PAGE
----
Many of you will know about the obvious basics you need when going outback. I’ve listed some of mine at the end of this blog.

Here are some of my other handy camping items that help make a good outback camping trip great!

#1 Portable Electric 12V shower

Hang it in the tree and have a quick shower anywhere where there’s water.

Even quicker if you’re using the water you’ve been carting in the 4wD.

Nothing nicer than a quick shower when you’ve been sweating in the heat setting up a tent!

#2 3S 3 cell 3700 Lipo Battery

These little Lipo batteries are great for driving the shower, so you don’t have it to connect to your car/spare battery.

We also connect the Lipo to a small electric pump, to inflate the air mattress. We love our Kings swag, but the supplied mattress just isn’t comfortable. So now we roll-up the deflated air mattress inside the swag. It’s perfect and takes up less room in the car.

#3 Fly Swat

Even though we have a fantastic flywire tent to sit-in, a fly swat allows you to create havoc with the illegal immigrants that DO make it past the wired border. Because, these tiny little flies are cunning and way smarter than you when it comes to penetrating the border.

Plus … it’s fun pretending there’s a fly on your girlfriend’s butt….

#4 Dustpan and Broom

So your girlfriend can sweep-up all the flies that you’ve had fun swatting to death. In fact, on the odd occasion, I might even allow some to follow me into the tent...

#5 Garmin Inreach Mini - 2way GPS system

Most of Australia has no mobile reception. If your vehicle breaks down, you might be in a spot of bother.

The Garmin Mini allows you to not only send an emergency locator beacon, but you can send text and email messages to anyone, and they can message you back. You DON'T need mobile network reception, as it connects to satellites.

You’re crazy if you venture outback without one. The reason I originally purchased this was because I love riding my adventure bike in outback locations, and I’m generally alone when I do these trips. It gives family and friends comfort to know that I can stay in touch and call for help.

#6 Collapsible Bucket/Sink (or both)

So you can collect water from the rivers, rock pools and gnamma holes, to feed the shower pump, or have a shave. We also use river water in our collapsible sink for washing dishes. They fold relatively flat making them easy to store.

#7 Matches

Camping just isn’t camping if you can’t light a fire during those cooler times. I suggest you strategically position the fire so that you can smoke your girlfriend out of bed next morning. A sure-fire way (pardon the pun) to get your breakfast early .

#8 Hema Maps

...because, the vast majority of Australia has no mobile network reception. Hema Maps works 100% offline, downloaded on your phone or tablet. It also has heaps more detail than google maps when it comes to small tracks, rivers, creeks and other points of interest outside the suburbs. It does get some interesting reviews, but for me on my old Samsung Galaxy phone, it works great.

#9 Solar Mat

It charges the battery when we are camped up, so that our fridge and inverter can run. Having the inverter means we can charge laptops and Deb can even blowdry her hair out here (not that she does..).

This mat of ours is a 120W mat. I’m thinking about buying a second one or a larger one, so that I can use the inverter for longer periods of time. The inverter drains the battery charge really quickly.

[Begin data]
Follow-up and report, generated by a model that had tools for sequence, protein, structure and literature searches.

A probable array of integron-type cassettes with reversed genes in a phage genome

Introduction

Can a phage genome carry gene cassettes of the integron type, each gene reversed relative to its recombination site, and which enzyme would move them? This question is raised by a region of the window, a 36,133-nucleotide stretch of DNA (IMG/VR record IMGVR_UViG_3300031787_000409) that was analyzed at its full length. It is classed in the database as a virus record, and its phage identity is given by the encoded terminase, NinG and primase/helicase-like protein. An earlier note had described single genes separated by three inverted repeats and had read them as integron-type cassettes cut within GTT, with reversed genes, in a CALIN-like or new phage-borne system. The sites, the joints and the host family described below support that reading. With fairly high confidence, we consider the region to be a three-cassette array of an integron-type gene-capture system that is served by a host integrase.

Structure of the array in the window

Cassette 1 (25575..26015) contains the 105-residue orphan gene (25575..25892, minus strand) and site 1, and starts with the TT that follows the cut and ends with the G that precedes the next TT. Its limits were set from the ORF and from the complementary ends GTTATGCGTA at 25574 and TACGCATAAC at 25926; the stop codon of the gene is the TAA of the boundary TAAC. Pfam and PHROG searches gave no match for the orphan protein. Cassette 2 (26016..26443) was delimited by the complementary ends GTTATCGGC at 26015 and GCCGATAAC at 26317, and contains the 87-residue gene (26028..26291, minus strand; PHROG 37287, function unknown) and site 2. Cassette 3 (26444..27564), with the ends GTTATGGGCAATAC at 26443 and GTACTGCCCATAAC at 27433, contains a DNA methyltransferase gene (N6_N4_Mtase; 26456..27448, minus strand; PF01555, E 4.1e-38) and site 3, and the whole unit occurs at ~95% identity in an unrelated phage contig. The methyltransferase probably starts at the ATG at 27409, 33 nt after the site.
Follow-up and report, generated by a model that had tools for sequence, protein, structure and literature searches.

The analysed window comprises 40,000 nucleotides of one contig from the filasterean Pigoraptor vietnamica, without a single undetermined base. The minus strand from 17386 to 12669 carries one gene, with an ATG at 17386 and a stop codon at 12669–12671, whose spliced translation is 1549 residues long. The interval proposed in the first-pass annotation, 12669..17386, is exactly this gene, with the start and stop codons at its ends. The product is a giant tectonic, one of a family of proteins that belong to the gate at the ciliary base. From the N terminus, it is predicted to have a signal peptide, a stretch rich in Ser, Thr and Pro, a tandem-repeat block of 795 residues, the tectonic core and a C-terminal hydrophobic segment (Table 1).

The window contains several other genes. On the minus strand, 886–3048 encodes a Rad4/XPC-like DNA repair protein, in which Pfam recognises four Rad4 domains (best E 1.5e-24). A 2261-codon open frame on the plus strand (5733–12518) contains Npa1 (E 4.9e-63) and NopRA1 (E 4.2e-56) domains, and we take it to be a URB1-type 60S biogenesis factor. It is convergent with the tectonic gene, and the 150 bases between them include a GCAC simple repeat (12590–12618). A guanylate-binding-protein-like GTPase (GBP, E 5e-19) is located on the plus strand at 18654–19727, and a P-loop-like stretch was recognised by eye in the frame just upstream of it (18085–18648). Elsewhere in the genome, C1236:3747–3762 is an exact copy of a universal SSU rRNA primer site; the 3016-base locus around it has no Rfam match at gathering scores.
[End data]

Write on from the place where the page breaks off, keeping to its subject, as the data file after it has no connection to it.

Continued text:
SOLAR MAT HACK: our mat folds up which places obvious pressure on the seam-wires connecting each panel. On one occasion, the mat stopped generating power. By feeling through each ‘seam’ I was able to isolate a wire that had come loose. I cut the seam open at this point and soldered the wire back on, then used electrical tape to put it all back together. YES I could’ve sent it back to supplier, but we were isolated at the time and needed to keep our gear charging.

#10 Pocket-size Gas Bottle

… for those times when you “can’t be bothered”* dragging the bigger gas bottle and stove out of their designated storage areas, or when it’s impractical to light a fire.

Like the time when we camped on the beach south of Carnarvon, and a wind storm greeted us at daybreak. We packed up “fast as”*, drove a few kilometres inland, wiped the sand from our eyelashes and lips, and then made our coffee. It never tasted so good!

I also use this bottle when doing longer trips on my Honda Adventure Bike, because it’s so compact.

* - see slang guide i#9+10 here

#11 Garden Spade

AKA a portable dunny! So you can dig a hole and bury your droppings. 🙂

Make sure you locate it conveniently within the car for those emergency situations.

Also be sure to dig your hole deep (animals have good noses) and bury your toilet paper too. Nothing worse than seeing someone else’s toilet paper strewn all over the ground when driving along the road or when parking up at a scenic campsite. Leave it nice for the next person!

A few small things can make a big difference to your camping trip and add a little bit of fun too!

As mentioned, the other basics I wouldn’t be without are below (I probably missed a few too!):

• 2nd battery in a battery box connected to alternator / solar mat
• Scan Gauge - to read engine errors and reset codes
• Tool Box and Socket Sets
• 12V soldering iron ... plugs into Lipo battery ... fix electric wires and faults – e.g. on solar mat!
• Puncture Repair Kit
• Compressor – for inflating tyres
• Quick Release air valve gauge - to let your tyres down when crossing sandy river beds etc
• Trax Mats – for getting yourself out of a bog situation
• Spare Key for car, hidden on the outside.
• LOTS of fresh water. It gets hot out here!
• Flynet – Deb wrote about this in her blog here...

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